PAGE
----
Exploratory Testing

Exploratory Testing

Exploratory testing is an approach to software testing that is concisely described as simultaneous learning, test design and test execution. Exploratory testing seeks to find out how the software actually works, and to ask questions about how it will handle difficult and easy cases. The quality of the testing is dependent on the tester's skill of inventing test cases and finding defects. The more the tester knows about the product and different test methods, the better the testing will be. When performing exploratory testing, expectations are open. Some results may be predicted and expected; others may not. The tester configures, operates, observes, and evaluates the product and its behaviour, critically investigating the result, and reporting information that seems likely to be a bug (which threatens the value of the product to some person) or an issue (which threatens the quality of the testing effort). Exploratory testers often use tools, including screen capture or video tools as a record of the exploratory session, or tools to quickly help generate situations of interest.

Different Phases in Exploratory Testing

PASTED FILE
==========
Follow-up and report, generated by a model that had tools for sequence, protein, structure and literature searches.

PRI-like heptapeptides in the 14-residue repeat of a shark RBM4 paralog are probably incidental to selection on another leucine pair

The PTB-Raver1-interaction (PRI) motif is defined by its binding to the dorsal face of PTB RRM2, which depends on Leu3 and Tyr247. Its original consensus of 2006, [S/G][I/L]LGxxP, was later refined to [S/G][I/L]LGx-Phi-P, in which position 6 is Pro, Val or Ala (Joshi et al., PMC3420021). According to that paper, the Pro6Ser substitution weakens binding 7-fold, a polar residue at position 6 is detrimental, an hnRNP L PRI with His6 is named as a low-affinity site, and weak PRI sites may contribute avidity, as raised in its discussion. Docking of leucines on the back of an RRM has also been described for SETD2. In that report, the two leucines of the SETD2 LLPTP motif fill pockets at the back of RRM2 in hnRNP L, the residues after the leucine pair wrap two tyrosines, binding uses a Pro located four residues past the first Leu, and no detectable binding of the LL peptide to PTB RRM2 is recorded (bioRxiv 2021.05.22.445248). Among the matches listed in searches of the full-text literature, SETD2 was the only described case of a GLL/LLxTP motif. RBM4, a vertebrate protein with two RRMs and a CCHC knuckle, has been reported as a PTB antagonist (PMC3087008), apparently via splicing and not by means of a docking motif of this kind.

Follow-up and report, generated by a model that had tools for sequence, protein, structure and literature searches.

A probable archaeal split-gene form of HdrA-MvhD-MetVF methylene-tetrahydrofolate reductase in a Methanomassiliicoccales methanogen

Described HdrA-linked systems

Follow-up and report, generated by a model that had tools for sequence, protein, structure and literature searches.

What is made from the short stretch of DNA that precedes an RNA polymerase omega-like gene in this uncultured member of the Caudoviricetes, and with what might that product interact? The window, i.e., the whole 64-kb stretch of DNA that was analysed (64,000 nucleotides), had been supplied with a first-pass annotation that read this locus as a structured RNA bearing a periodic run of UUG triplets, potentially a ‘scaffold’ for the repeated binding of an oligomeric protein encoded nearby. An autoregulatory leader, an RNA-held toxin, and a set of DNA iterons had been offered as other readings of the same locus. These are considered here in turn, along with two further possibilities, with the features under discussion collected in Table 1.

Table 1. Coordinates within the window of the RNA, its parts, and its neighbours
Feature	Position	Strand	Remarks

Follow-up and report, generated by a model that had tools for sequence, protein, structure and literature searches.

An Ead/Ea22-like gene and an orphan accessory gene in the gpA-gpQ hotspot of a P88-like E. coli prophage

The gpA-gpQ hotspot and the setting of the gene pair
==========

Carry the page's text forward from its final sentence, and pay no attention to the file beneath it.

One of the most important functions that a tester needs is an understanding of the app or website that they are testing. This understanding provides context and includes information such as competitive benchmark data, industry knowledge and company details. An understanding like this ensures that the tester is able to take in all manner of inputs relating to the app or website when he or she is performing the actual test. Contextual knowledge allows testers to provide details surrounding results that they may find and whether or not they are applicable.


A major difference between exploratory and scripted testing is in design. Designing differs from scripting in that while the test has specific parameters or rules, it is not done in a preset path or prescribed manner. Exploratory testers are able to conduct the test in a way which they deem fit and do not have a desired or expected outcome. Often times, the exploratory testing technique leads to developing more rigorous, scripted test scenarios over time.


Finally, the tester is given the freedom to complete the test as he or she feels free to do so. As soon as the test is written or requested (note: not a test case), the test can be conducted. This freedom means that nobody is waiting for scripted requirements and creative work can begin. A tester then is observing and learning about the application or website. They are probing and exploring how functions work, how they interact with one another and how those pieces work together so that further exploration can take place. Results are then compiled and reported back through the appropriate methods.

Challenges in Exploratory Testing

Pro’s and Con’s